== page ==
Alarm was raised in 2006 about FAS training programmes
ALARMS were raised in the Department of Enterprise about multi-million euro FAS training programmes as far back as 2006, new documents reveal.
One senior official was so concerned about the need for more rigorous checks and balances in schemes such as the Competency Development Programme (CDP) that he wrote a hard-hitting letter for the then-Enterprise Minister Micheal Martin to issue.
In January 2007, that letter was forwarded to another senior official but was never submitted to the minister for his signature and was never issued.
Fas has recently been engulfed in a series of scandals over how it spent and monitored its annual €1bn budget.
The draft letter, penned by an official overseeing the CDP and addressed to FAS chairman Peter McLoone, raised concerns about the "persistent failure to provide me with requested information on programmes for training workers".
"Despite repeated attempts on my part and that of my department to obtain such, I have to date received little information on what is happening here," the unsent letter stated.
"The fact that in excess of €1bn in such public funding is being voted to FAS renders my responsibilities in this regard progressively more onerous."
The CDP paid out €120m-plus to employers to upskill staff between 2003 and 2009.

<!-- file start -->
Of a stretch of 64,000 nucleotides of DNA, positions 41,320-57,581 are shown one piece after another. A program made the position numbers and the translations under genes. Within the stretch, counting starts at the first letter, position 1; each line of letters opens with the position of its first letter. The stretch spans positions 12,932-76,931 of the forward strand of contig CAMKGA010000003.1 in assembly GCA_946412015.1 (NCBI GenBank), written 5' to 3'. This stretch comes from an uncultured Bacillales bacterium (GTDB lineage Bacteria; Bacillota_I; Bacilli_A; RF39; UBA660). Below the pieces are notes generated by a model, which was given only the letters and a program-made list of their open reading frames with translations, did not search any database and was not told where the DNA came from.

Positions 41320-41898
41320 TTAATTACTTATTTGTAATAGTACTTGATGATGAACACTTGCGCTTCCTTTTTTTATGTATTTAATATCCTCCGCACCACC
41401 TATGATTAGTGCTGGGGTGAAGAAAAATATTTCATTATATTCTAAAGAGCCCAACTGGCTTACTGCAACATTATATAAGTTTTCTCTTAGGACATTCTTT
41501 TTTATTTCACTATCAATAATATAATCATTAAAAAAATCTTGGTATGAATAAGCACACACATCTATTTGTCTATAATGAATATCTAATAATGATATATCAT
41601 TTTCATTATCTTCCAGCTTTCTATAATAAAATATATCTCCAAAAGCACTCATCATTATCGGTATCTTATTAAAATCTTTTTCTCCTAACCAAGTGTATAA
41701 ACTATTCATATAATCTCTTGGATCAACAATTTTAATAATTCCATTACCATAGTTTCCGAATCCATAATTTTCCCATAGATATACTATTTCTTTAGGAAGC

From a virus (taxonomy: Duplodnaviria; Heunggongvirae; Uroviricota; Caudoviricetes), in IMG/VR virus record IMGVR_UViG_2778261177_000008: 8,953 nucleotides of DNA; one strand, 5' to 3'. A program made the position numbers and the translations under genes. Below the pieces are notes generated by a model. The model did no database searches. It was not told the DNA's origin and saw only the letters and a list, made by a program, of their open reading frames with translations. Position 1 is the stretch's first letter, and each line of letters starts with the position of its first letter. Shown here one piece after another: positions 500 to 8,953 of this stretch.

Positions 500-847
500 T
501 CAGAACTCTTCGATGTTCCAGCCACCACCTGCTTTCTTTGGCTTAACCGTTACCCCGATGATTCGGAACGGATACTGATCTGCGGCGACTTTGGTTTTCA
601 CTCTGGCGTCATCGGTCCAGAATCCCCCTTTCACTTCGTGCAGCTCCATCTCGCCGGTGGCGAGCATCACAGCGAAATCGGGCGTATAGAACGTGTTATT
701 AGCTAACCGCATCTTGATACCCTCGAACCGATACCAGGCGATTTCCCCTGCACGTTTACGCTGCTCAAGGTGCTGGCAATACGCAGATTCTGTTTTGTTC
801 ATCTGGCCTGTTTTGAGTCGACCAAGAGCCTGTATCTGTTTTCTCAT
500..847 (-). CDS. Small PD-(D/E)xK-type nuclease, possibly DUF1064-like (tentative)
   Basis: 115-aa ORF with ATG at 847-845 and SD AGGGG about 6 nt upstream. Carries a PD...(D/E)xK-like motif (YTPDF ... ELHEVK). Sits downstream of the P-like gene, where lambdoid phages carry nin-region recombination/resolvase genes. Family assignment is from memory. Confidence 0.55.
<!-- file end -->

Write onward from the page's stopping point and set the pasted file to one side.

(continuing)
The programme provided funding to employers' groups, unions and private businesses to upgrade the skills of 123,000 workers in private companies.
But opposition parties have questioned why the money was not being spent on helping people who were on the dole or educationally disadvantaged.
In July of this year, secretary general of the Department of Enterprise Sean Gorman told the Public Accounts Committee (PAC) no one in his department proposed to "stop, reduce or increase the scheme's allocation".
Asked if concerns were expressed in the department about the policy being pursued, Mr Gorman said there were "none expressed to me".
But the draft letter and other documents exchanged between officials in 2006 suggest that, unbeknown to Mr Gorman, concerns had been raised.
Labour's Roisin Shortall last night said she would raise the draft letter when Mr Gorman appeared before the PAC again later this month.
A spokeswoman for the Department of Education said the documents were "internal correspondence".